[ RadSafe ] DNA Mismatch Repair Happens Only During A Brief Window of Opportunity
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Sun Jan 8 01:18:40 CST 2012
December 22, 2011 | By Scott LaFee
DNA Mismatch Repair Happens Only During A Brief Window of Opportunity
In eukaryotes – the group of organisms that include humans – a key to survival
is the ability of certain proteins to quickly and accurately repair genetic
errors that occur when DNA is replicated to make new cells.
In a paper published in the December 23, 2011 issue of the journal Science,
researchers at the Ludwig Institute for Cancer Research and the University of
California, San Diego School of Medicine have solved part of the mystery of how
these proteins do their job, a process called DNA mismatch repair (MMR).
“One of the major questions in MMR is how MMR proteins figure out which base in
a DNA mispair is the wrong one,” said Ludwig Institute assistant investigator
Christopher D. Putnam, PhD, an adjunct assistant professor of medicine at UC San
Diego. “For example, if guanine (G) is inappropriately in a base-pair with
thymine (T), is the G or the T the error? Picking the wrong base results in
mutations, not fixes.”
Using Saccharomyces cerevisiae, or baker’s yeast, as their model organism, the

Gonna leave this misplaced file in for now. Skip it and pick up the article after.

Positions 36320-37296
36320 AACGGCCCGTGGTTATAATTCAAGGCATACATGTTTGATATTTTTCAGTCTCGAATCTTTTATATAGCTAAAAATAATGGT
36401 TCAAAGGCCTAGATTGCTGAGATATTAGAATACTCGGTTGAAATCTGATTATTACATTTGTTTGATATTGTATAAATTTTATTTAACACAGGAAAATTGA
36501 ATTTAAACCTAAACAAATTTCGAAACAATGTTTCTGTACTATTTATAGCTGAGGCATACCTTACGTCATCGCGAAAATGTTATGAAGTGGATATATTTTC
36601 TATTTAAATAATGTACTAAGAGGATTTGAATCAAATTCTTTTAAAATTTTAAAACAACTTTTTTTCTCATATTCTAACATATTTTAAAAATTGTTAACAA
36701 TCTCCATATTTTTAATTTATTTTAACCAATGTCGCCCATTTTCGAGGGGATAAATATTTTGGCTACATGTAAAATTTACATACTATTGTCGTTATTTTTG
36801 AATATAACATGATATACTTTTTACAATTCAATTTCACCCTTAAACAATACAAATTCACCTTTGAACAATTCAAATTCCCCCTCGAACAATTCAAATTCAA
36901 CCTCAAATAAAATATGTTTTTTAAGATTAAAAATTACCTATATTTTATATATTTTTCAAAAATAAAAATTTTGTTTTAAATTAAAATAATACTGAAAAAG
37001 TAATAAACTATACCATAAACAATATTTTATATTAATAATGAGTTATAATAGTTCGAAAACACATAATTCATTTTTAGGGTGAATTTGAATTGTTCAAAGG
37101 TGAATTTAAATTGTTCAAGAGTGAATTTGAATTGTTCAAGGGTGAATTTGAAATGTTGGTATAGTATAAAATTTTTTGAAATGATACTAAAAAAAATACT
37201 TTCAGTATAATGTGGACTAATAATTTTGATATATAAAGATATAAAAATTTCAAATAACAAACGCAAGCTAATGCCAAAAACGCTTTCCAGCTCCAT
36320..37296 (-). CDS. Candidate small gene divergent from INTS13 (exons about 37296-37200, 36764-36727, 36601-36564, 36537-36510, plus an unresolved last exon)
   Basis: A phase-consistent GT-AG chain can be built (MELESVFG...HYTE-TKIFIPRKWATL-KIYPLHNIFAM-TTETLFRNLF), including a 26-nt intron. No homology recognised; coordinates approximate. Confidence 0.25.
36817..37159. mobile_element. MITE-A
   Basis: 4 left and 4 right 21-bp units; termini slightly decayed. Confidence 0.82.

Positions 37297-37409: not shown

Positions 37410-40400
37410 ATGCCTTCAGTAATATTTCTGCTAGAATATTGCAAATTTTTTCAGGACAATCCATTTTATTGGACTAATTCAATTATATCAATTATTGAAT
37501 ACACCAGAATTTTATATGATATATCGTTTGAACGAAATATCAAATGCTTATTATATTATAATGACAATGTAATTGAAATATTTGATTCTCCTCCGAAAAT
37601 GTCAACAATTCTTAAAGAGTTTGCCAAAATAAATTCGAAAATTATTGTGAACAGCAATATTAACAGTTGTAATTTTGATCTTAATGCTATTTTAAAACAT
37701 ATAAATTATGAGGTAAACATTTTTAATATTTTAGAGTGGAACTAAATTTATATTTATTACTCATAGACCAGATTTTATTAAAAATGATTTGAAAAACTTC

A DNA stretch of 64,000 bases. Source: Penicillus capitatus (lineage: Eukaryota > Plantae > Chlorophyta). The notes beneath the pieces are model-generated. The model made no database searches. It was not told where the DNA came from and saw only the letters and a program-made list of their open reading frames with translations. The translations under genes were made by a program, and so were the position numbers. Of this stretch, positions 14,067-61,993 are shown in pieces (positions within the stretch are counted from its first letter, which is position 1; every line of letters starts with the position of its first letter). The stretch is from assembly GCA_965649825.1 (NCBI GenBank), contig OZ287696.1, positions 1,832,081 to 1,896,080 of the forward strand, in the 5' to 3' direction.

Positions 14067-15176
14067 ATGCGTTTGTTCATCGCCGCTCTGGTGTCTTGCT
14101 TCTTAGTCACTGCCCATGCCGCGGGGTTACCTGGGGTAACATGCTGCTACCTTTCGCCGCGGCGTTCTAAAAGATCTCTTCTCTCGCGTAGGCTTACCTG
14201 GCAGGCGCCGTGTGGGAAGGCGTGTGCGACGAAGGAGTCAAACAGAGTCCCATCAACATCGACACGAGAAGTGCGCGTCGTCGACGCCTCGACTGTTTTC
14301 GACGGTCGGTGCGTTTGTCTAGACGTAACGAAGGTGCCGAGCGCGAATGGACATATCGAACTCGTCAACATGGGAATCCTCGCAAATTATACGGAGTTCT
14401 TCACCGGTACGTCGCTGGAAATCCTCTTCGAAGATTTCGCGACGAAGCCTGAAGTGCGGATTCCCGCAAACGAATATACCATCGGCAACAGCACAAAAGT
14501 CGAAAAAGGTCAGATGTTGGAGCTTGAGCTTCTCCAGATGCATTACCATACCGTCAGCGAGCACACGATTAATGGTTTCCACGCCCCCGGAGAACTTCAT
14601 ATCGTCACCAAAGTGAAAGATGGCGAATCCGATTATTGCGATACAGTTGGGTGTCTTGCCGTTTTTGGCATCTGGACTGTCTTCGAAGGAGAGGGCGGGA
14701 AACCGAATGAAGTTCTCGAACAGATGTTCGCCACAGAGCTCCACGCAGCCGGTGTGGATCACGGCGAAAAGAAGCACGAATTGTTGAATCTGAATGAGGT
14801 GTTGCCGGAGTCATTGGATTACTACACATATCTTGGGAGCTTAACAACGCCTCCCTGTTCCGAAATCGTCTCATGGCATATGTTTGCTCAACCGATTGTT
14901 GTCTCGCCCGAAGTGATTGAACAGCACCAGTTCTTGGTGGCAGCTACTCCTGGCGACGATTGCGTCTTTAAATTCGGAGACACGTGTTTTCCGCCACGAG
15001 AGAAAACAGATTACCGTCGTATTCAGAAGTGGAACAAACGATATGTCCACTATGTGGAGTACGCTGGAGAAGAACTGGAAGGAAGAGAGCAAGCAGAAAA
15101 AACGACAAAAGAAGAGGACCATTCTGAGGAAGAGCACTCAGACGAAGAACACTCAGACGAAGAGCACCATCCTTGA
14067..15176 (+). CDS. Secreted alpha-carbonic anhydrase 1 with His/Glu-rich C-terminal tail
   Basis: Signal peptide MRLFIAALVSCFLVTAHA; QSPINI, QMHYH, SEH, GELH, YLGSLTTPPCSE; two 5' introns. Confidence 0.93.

researchers, led by Richard D. Kolodner, PhD, Ludwig Institute investigator and
UCSD professor of medicine and cellular and molecular medicine, discovered that
newly replicated DNA produces a temporary signal for 10 to 15 minutes after
replication which helps identify it as new – and thus a potential subject for
The actual signal was not identified, but Putnam said it might be tell-tale
nicks in single-stranded DNA or certain proteins associated with replication.
The scientists are working to pinpoint the precise signal.
The findings, combined with earlier, published work that visualized MMR in a
living cell for the first time, more fully explains how eukaryotes eliminate DNA
replication errors, which can result in defects and the development of cancers.
“How eukaryotes identify the newly synthesized strand of DNA is a mystery that
has persisted for at least 30 years,” said Putnam. “These findings really change
our ideas of how MMR works,” said Putnam.
Co-authors include Hans Hombauer and Anjana Srivatsan of the Ludwig Institute
for Cancer Research, UCSD Departments of Medicine and Cellular and Molecular
Medicine, Institute of Genomic Medicine and UC San Diego Moores Cancer Center.
Funding for this research came from the National Institutes of Health.
Scott LaFee, 619-543-6163, slafee at ucsd.edu
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